“Dementia Live” program spreads awareness, seeks to generate empathy toward Alzheimer’s patients

Hospice workers in Marion who work in close contact with Alzheimer’s and dementia patients have created a project called “Dementia Live,” helping people better understand the disease through conversations, interactions and a simulation. 

 Melise Oakley, who works for Hospice of Southern Illinois, said dementia is a symptom of Alzheimer’s disease, which typically leads to a severe loss of memory, language, problem solving and other mental abilities. 

There are over 400 different dementias, including a post-COVID dementia. 

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Oakley said Dementia Live is all about empathy, and it includes a simulation that allows people to feel what it is like to have Alzheimer’s. 

 “It immerses you into what it feels like to be cognitively impaired with your senses changed. The gear simulates specific changes that alters your eyesight, hearing and also your touch,” Oakley said. “It’s a very safe experience, but it’s powerful and it’s very effective to strengthen the understanding and empathy towards people that have this.’

 Oakley said she has a special connection with her Alzheimer’s patients, as she has a learning disability and understands how it feels to think a little differently from other people. 

She said people with Alzheimer’s often face frustration, anxiety and confusion even when doing simple tasks such as eating or brushing teeth.

 “When you’re going to Walmart, and you’re hurrying up, we look up and we’re like, ‘Why is this person going so slow?’ and you see them fumbling around, I learned to take a step back and be like ‘okay, this person can’t see as well as we do; their peripheral vision is deteriorating,” Oakley said. “It just makes you just more sympathetic and empathetic toward people that go through this.”

 In addition to giving the general population empathy for Alzheimer’s patients, the program also helps caregivers to connect with their patients or family members who are suffering from the disease.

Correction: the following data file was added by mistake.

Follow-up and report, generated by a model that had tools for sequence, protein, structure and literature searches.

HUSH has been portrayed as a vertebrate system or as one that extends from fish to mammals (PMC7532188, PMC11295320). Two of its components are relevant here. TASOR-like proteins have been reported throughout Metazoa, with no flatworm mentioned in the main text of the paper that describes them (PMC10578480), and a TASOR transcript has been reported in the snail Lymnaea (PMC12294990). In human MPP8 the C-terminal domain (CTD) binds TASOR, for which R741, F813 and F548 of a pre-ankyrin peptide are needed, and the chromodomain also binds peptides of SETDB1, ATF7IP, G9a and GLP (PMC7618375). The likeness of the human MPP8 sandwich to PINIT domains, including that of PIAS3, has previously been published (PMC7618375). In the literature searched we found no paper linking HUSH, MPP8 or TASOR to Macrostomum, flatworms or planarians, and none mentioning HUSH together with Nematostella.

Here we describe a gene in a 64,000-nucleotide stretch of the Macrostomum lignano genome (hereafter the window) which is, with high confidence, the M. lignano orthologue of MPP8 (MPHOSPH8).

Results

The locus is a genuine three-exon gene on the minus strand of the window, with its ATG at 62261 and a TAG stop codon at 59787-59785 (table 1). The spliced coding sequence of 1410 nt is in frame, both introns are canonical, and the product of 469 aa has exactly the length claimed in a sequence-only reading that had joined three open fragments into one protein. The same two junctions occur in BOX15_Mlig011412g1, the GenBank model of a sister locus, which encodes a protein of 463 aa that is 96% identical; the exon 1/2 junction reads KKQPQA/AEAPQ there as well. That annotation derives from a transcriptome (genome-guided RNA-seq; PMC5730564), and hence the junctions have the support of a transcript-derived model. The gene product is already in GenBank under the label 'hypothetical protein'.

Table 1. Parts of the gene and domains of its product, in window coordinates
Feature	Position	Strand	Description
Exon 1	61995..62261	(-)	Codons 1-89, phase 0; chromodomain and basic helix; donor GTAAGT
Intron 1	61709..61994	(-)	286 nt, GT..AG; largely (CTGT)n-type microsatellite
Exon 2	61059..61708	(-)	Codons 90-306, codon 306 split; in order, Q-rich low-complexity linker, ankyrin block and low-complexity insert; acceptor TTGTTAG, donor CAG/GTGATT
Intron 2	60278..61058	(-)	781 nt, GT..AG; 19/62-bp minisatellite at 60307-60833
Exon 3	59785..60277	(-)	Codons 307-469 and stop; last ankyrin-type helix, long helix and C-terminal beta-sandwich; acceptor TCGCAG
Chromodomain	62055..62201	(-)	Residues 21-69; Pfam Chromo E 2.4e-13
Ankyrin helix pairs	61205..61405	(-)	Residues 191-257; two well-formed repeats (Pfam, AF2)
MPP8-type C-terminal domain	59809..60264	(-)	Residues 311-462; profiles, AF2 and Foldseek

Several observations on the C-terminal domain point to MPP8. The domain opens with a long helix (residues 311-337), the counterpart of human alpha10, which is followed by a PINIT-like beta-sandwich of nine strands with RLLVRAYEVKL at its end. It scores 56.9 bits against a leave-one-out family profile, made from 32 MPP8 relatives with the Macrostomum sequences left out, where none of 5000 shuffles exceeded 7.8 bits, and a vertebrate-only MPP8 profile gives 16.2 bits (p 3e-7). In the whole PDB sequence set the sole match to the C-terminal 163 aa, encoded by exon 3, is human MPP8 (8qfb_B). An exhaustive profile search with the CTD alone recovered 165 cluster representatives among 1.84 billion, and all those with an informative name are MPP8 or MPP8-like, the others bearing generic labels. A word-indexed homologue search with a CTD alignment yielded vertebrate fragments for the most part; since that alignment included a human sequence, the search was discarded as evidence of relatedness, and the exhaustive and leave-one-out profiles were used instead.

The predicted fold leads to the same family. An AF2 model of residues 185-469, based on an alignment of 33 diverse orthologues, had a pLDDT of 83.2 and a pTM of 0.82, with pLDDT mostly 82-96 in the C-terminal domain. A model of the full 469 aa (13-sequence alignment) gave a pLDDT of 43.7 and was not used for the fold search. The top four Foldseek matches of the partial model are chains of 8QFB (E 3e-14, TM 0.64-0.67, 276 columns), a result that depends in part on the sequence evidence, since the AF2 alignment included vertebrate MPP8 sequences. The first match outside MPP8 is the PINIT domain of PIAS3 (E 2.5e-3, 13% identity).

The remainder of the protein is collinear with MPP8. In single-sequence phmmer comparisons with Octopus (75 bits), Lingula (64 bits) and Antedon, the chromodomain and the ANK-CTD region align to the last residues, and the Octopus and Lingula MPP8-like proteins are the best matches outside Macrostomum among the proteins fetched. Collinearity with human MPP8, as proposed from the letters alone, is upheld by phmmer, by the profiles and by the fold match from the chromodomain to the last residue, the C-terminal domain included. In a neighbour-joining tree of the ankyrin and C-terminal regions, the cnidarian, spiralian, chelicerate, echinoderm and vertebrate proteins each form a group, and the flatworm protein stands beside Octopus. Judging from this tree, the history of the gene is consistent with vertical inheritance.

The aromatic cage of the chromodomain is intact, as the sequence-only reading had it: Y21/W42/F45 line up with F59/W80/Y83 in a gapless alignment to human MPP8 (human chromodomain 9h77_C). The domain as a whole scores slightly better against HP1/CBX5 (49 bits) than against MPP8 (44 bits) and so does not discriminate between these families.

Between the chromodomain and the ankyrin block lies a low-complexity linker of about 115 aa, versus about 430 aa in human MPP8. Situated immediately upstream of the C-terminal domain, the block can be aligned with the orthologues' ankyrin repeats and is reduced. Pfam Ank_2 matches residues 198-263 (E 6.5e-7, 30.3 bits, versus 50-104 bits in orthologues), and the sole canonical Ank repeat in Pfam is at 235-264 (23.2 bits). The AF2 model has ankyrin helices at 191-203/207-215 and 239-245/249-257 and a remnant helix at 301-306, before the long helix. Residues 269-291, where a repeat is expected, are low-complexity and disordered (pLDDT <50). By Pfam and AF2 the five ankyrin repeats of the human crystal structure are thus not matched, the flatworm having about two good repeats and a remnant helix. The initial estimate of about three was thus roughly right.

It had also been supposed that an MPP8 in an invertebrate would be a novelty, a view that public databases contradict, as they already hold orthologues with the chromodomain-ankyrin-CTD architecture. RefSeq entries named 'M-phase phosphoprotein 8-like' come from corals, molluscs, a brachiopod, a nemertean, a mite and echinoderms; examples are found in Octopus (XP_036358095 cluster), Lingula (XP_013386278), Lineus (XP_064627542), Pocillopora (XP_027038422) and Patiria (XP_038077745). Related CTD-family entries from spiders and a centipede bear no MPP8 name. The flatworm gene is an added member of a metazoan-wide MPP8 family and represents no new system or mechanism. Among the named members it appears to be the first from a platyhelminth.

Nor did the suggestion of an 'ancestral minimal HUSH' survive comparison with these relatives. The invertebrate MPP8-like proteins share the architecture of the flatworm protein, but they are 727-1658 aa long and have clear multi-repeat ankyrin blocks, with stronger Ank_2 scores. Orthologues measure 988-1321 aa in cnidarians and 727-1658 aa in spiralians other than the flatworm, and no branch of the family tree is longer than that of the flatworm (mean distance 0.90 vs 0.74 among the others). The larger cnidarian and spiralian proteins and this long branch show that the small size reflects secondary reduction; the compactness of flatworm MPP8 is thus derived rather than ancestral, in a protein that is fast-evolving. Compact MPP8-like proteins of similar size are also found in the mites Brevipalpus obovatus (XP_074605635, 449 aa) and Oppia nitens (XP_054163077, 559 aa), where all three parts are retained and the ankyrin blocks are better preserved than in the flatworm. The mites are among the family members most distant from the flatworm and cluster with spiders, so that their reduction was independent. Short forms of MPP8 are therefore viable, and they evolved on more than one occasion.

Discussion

Deborah Hogg, the current director of Dementia Live, is passionate about the project because she lost her mother to Alzheimer’s. 

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She said many people do not fully understand how to care for people who struggle to communicate what they need and often end up causing more pain to the people they love because of this. 

 “The best thing that you can do,” Hogg said, referring to her mother, “is go to her world, not try to pull her into yours. Don’t correct her. If she’s doing something that you don’t think is normal, don’t say ‘don’t do that.’ If she wants to bake a cake with salt, let her bake it with salt instead of sugar, and when it’s finished, let her know how beautiful it is and how it’s great.”

 By traveling to schools, hospitals, prisons and other businesses, Dementia Live is opening the conversation about Alzheimer’s and dementia and reducing the stigma that prevents people from asking for help. 

 “What seems to be common with most is that as the disease is onset, the frustration and confusion that a patient feels, and the embarrassment of forgetting things. They try to hide it,” Hogg said. 

 Lessening this embarrassment is essential, as it encourages people to seek treatment as soon as symptoms appear. 

Oakley said there are currently 6 million people in the US who have Alzheimer’s; by 2050, it is projected 16 million people will have it. 

 While there is currently no cure and no known cause for Alzheimer’s, Oakley and Hogg stressed the importance of maintaining a healthy lifestyle, including balanced diets and both physical and mental exercise. 

 Hogg said COVID-19 has presented a great challenge to many Alzheimer’s patients, as the isolation and uncertainty that nearly everyone has had to overcome is amplified in their situation. 

For this reason, it is more important than ever that people take the opportunity to learn, she said. 

Dementia Live is always looking for more volunteers to help make a difference and change lives.  

 “I want to tell people,” Oakley said. “I get excited, and I love to do what I do. I can’t believe I’m in an organization that lets me do something like this, and I’m so passionate about it.”

Staff reporter Elena Schauwecker can be reached at [email protected]

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